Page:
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Landlord’s Tacit Hypothec Vs Tenant’s Sequestration – Landlord & Tenant – Leases


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The Landlord’s tacit hypothec forms part of a real security
in favour of the Landlord in the event the tenant falls behind with
its monthly rent under a lease agreement
(“agreement“). This security right covers the
moveable property of the tenant present on the leased premises. The
Landlord’s hypothec forms part of our law (South African) and
does not need to be agreed between the parties, for example in the
lease agreement. But what options are available to a Landlord when
its non-paying tenant is placed under sequestration?

Although one might think that a lease agreement will be
automatically terminated at sequestration, that is not the case.
Unless the trustee of the tenant’s insolvent estate, and within
3 months of the sequestration, informs the Landlord that it will
continue with the lease agreement, the lease agreement will only
automatically terminate at the end of such 3 months. Should the
lease agreement not be terminated by the trustee of the insolvent
estate, then the rent, for the period after sequestration will form
part of the costs of sequestration.

It is important to note that the Landlord’s hypothec will
only come into effect when the tenant falls into arrears with their
rent – however in order to enforce the hypothec, the hypothec must
be perfected. A Landlord can perfect its hypothec through
attachment (without removing the movables) in the form of
an urgent ex parte court order, or by way of an interdict
in the form of an automatic rental interdict summons. In both
instances the tenant will not be allowed to remove the movables
from the leased premises for as long as the rent is outstanding,
should the tenant remove the movables whilst under attachment it
will come down to a criminal offense and the Landlord will be able
to act accordingly. Without perfection of the Landlord’s
hypothec the movables may be removed from the property by the
tenant freely, and without consequence.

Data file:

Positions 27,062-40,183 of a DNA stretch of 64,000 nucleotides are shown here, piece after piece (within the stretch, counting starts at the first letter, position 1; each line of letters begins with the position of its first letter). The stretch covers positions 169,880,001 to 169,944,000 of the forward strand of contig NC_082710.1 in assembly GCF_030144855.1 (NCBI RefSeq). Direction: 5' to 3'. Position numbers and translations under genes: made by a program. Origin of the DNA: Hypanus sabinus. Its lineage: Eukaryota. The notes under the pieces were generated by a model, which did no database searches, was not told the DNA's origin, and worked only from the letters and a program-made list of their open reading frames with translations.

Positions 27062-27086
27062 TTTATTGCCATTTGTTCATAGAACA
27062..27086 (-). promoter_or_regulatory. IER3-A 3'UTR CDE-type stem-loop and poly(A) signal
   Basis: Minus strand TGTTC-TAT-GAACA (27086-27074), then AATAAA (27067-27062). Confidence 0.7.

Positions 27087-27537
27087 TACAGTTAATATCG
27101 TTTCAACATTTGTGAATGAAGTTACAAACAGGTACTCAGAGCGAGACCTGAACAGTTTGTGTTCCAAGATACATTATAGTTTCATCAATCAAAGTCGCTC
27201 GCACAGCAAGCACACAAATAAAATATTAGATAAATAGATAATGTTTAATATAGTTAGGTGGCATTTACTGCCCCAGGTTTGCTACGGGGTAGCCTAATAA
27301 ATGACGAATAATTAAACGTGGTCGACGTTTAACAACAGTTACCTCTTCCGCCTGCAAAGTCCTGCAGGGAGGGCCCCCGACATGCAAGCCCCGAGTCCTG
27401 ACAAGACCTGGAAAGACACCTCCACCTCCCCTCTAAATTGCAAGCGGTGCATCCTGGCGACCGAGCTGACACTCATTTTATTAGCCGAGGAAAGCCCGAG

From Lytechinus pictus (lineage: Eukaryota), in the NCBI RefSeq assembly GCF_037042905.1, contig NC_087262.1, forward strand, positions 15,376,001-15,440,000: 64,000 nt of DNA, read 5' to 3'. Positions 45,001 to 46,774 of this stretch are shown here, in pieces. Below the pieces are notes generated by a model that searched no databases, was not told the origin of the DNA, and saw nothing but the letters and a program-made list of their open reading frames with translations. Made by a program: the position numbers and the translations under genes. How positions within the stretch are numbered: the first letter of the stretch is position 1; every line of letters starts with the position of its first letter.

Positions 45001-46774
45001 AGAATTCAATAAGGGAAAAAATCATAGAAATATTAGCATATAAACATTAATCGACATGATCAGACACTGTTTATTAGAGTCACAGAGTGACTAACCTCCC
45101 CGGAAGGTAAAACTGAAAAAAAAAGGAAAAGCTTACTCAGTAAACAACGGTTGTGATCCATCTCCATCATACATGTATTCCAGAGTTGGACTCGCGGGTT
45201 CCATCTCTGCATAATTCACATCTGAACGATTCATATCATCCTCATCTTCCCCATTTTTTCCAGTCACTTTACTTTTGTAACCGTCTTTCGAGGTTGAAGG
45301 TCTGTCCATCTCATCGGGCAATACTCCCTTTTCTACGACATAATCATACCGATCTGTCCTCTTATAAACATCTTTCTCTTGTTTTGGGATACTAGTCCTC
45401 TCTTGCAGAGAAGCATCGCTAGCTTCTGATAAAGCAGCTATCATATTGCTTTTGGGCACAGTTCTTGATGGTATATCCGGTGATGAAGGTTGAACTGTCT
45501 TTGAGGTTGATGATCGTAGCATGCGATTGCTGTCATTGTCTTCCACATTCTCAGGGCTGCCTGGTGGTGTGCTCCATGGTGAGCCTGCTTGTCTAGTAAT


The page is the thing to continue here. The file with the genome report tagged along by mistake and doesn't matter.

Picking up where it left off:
Fortunately, the Insolvency Act recognise the Landlord’s
hypothec as a security for unpaid rent. The Landlord will also be
regarded as a preferent and secured creditor of the insolvent
tenant’s estate and will have a right to receive payment from
the proceeds after the costs of the Administrator was paid but
before the rest of the creditors are paid. The Landlord should keep
in mind that unfortunately its preference does not necessarily
extend to all proceeds of the sale of the moveable property. The
Insolvency Act further limits the amount of the secured claim of
the Landlord and the secured claim of the Landlord may not be more
than the outstanding rent for three, six, nine or fifteen months
depending on how the payment for rent was structured in the
agreement. Any amount in excess of these limits will be

The question is whether it is necessary to perfect the hypothec
prior to the insolvency of the tenant in order for the Landlord to
enjoy a preferent right during the sequestration proceedings. The
answer is simple – perfection of the hypothec is not required prior
to sequestration in order for the Landlord to be a preference
secured creditor as confirmed in the case of Holderness N. O. v

Therefore, a Landlord will be able to exercise its tacit
hypothec against an unpaid tenant who has been sequestrated whether
or not the hypothec has been perfected.

It is advisable that a Landlord in a similar situation as
described above appoint an attorney for legal guidance and to make
sure that its claim has indeed been instituted against the
insolvent estate of the non-paying tenant.

The content of this article is intended to provide a general
guide to the subject matter. Specialist advice should be sought
about your specific circumstances.

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